It’s really easy to do a bad job of designing NFTs. When we design them, one of our guidelines is: If I look at this from the outside, will the NFT be fully reproducible with information that is on the blockchain and on IPFS? That way, we know that whoever wants to look at it from the outside doesn’t necessarily need our permission to make use of it.
We have a few mechanics in place for the future of interoperability. Beyond that, we want to open up the metaverse for third-party developers. We’re currently working on ways for people to either create competitive experiences that make use of the same assets that Upland users own, but we’re making sure that when the assets are moved, it will have the owner’s explicit permission to do so.
Upland has a partnership with the NFL Players Association, which is a big brand. How important will it be to bring in partners like that, rather than having native digital assets without brand recognition?
It’s super important. It has the potential to attract new audiences into this ecosystem, but beyond that, it makes it a bit more legit. If the NFLPA is coming in, it shows more confidence in the ecosystem.
One of the most interesting aspects of partnerships goes back to embracing the meaning of Web3. When we bring these brands into Upland, we’re not just thinking about how many NFTs they can sell and how they can monetize their audiences. We’re thinking about how they can empower their audiences to participate in the value creation and extraction that goes with their IP.
Let’s say we bring out a meta venture for people to create outdoor decor items. Why not leverage our relationship with the NFLPA, allow those creators to use the brand’s IP, and create a contract-based revenue share? If someone wants to build a statue of Odell Beckham Jr.’s “The Catch” and then sell it to other Uplanders, why not empower them to do that? It would still need to be validated by the NFLPA, theoretically, but once that’s done, you have an endless number of creators who can use that IP to make a profit and add value to the entire ecosystem.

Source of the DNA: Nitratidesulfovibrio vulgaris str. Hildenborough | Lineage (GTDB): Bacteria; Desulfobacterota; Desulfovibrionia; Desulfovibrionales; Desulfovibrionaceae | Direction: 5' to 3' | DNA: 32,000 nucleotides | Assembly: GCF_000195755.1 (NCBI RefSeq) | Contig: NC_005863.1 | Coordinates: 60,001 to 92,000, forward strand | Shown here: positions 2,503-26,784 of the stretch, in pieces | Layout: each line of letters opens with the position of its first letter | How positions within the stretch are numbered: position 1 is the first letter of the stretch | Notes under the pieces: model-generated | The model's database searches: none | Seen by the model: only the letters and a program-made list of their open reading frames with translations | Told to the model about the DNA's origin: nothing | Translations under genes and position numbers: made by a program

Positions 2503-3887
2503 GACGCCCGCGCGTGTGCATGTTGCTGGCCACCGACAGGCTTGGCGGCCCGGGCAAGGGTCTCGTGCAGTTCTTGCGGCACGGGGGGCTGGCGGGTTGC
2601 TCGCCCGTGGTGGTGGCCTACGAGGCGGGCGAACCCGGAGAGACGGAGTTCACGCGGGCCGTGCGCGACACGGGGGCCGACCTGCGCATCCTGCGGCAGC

There’s a limit to what we can do as a team. There’s a limit to what the NFLPA can do. But there’s an endless number of things that everyone can do once you connect those dots and leverage those relationships.
What are some mistakes you think people are making when they think about Web3 or approaches you wouldn’t necessarily agree with?
The most common mistake I see is a badly designed economy. I think it goes back to whether you’re playing the short game or the long game. If you’re playing the short game and you want to score a cool ICO, it’s doable. But I’ve rarely seen a very good, pre-planned economy. It’s impossible to predict.
You want to build an economy that has levers you can pull and push to support its different stages, from hypergrowth to maturity to stability. These can be macroeconomic elements like interest rates, or supply and demand. If you’re trying to build value for the long term, make sure you have a solid economic foundation that you can manipulate and guide through its various stages of existence.
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Hi, I’m Andrew Chang - I created the Web3 Roundup to share what I’m learning in this space. I’ve spent my career at the forefront of the technology industry in areas such as crypto/blockchain (Former COO @ Paxos, co-founding partner of Liberty City Ventures), video and adtech. I learn by meeting with founders, investors and other thought leaders and approach Web3 with the same enthusiasm – and skepticism – I had about crypto/blockchain technologies 10 years ago.